The “suffering servant” passage in Isaiah 52:13-53:12 is not referring…

The “suffering servant” passage in Isaiah 52:13-53:12 is not referring to Jesus. It is not a messianic prophecy. As a matter of fact, the suffering servant is actually a personification of the nation of Israel. Here are 5 reasons why I believe this to be the case…

1. The servant’s suffering is described in the past tense, meaning it has already occurred at the time Isaiah was writing. Now, you might argue that sometimes prophecies are stated in the past tense, rather than future tense. Okay, but then why does the tense change to future in verses 10-12? It says here the servant will be vindicated for his suffering in the future. It distinguishes between past and future here.

2. Isaiah 53:3 describes the servant as “a man of sorrows and acquainted with grief.” This does not seem to describe Jesus very much. Yes it’s true that Jesus experienced suffering at the end of his life, but that wouldn’t make him “a man of sorrows.” This phrase describes someone who has experienced pain and hardships throughout his whole life. I think the description fits Israel much better, considering how many times throughout history the Jews have been oppressed or enslaved by surrounding nations.

3. Isaiah 53:10 says the Lord would “prolong his days,” which sounds more like preserving someone’s life, rather than raising him from the dead. It also says the servant would “see his offspring,” and Jesus did not have offspring. The Hebrew word used in this verse, zera (זֶרַע) always refers to biological offspring, so it can’t be referring to the disciples, or the Christian church, or anything like that.

4. In Isaiah 53:8, the pronoun at the end is actually plural. Lamoh (לָֽמוֹ) means “them.” The same word is used in Psalm 99:7, and is also translated as “them.” So the correct translation is “because of my peoples’ sin they were afflicted.”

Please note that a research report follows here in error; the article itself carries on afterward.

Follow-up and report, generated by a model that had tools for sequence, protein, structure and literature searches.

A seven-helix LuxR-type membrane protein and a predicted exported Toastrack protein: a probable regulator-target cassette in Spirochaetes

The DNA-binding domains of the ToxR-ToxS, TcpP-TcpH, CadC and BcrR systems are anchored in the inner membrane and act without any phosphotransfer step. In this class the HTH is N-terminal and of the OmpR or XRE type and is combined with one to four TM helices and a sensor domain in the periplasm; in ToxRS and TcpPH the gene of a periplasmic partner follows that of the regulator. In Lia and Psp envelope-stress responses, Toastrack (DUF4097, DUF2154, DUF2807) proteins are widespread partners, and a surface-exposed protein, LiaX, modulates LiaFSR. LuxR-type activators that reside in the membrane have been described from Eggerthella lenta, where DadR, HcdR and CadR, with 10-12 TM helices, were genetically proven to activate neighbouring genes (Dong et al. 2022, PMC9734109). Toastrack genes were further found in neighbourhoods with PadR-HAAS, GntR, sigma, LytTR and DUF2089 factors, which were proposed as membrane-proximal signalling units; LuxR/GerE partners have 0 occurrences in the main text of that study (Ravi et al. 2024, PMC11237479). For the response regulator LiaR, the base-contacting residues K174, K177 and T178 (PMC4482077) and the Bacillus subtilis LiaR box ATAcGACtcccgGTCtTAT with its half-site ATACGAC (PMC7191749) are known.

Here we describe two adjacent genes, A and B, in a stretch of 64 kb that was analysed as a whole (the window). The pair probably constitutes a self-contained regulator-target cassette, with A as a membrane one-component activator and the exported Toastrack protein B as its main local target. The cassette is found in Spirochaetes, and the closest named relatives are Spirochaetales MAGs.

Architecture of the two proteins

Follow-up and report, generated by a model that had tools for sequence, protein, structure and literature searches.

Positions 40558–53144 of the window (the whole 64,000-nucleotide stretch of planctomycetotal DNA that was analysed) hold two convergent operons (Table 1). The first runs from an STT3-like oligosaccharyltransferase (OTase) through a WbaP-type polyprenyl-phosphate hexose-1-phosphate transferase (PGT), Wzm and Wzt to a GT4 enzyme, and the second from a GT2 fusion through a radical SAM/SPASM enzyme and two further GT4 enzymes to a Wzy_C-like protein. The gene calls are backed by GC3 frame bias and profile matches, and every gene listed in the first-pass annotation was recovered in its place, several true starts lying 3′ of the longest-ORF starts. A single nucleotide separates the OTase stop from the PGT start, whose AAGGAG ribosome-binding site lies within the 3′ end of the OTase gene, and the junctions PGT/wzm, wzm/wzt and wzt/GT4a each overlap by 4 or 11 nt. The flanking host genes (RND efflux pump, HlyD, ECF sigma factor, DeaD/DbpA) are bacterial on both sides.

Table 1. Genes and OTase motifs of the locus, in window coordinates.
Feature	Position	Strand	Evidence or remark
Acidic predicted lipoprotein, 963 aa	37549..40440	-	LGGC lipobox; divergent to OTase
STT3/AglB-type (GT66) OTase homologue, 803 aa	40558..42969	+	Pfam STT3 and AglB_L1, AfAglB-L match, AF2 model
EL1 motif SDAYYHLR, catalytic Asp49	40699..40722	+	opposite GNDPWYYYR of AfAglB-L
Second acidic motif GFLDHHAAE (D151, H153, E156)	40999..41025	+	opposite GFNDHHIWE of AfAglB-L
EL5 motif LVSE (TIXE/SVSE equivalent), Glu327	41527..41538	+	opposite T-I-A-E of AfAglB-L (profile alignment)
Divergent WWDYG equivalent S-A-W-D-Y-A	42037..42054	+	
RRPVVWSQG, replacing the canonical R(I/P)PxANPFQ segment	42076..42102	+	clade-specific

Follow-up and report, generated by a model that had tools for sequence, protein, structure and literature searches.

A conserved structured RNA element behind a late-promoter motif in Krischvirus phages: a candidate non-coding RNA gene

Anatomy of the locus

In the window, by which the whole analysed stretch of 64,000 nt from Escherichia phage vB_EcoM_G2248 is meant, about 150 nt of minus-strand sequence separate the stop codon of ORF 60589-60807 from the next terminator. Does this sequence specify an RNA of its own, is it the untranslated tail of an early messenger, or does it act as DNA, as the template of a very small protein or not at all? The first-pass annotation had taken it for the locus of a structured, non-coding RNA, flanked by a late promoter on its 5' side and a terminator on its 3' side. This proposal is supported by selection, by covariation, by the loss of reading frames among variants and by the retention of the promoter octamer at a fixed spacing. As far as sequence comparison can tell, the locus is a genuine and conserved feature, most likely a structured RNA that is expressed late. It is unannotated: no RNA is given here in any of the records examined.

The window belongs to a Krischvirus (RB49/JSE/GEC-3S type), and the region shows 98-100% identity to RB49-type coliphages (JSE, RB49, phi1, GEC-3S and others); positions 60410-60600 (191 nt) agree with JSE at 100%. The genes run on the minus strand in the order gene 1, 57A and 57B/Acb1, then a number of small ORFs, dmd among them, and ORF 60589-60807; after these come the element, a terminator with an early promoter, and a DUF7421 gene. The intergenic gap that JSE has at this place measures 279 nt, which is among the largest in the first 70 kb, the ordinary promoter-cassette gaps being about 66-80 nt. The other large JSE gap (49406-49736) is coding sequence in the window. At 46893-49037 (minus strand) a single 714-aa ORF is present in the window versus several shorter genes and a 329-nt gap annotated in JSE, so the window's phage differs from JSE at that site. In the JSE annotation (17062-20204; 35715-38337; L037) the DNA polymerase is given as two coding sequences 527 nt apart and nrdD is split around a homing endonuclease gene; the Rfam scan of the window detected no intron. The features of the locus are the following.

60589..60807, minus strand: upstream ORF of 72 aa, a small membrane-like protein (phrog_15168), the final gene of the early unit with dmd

Now of course, there are many Christian arguments against the interpretation of this text as referring to the people of Israel. One is that the speaker seems to be distinguishing himself from the servant. So if the speaker is from the nation of Israel, why would he be talking about afflicting the nation of Israel? Well the answer is actually very simple: the speaker is not from the nation of Israel. The speaker is meant to represent the gentile nations who oppressed the Israelites, not realizing that they were God’s chosen people. And when it says “he was pierced for our transgressions; he was crushed for our iniquities” (verse 5), this is not a correct translation. The text actually says “because of” not “for.” So it should be “he was pierced because of our transgressions.” In other words, the nations that oppressed Israel sinned, and their sin caused harm to the people of Israel. The Christian Standard Bible, Contemporary English Version, Holman Christian Standard Bible, NET Bible, and JPS Tanakh 1917 all translate this verse correctly.

You may have noticed how I said at the beginning that there were 5 reasons I believe Isaiah 52:13-53:12 is referring to Israel instead of Jesus, yet I only listed 4. That’s because I saved the best for last. In no less than 6 places in the preceding chapters of Isaiah, the servant is explicitly referred to as “Israel” or “Jacob.” And in one verse, Isaiah 43:10, the servant is addressed as a group of “witnesses.” There is no way around this. The suffering servant of Isaiah is definitely not Jesus…

Isaiah 41:8 “But you, Israel, my servant, Jacob, whom I have chosen, the offspring of Abraham, my friend”

Isaiah 43:10 “‘You are my witnesses,’ declares the Lord, ‘and my servant whom I have chosen, that you may know and believe me and understand that I am he. Before me no god was formed, nor shall there be any after me.’“

Isaiah 44:1-2 “But now hear, O Jacob my servant, Israel whom I have chosen! Thus says the Lord who made you, who formed you from the womb and will help you: Fear not, O Jacob my servant, Jeshurun whom I have chosen.“

Isaiah 44:21 “Remember these things, O Jacob, and Israel, for you are my servant; I formed you; you are my servant; O Israel, you will not be forgotten by me.“

Isaiah 45:4 “For the sake of my servant Jacob, and Israel my chosen, I call you by your name, I name you, though you do not know me.“

Isaiah 48:20 “Go out from Babylon, flee from Chaldea, declare this with a shout of joy, proclaim it, send it out to the end of the earth; say, ‘The Lord has redeemed his servant Jacob!’”

Isaiah 49:3 “And he said to me, ‘You are my servant, Israel, in whom I will be glorified.’”

Facebook Comments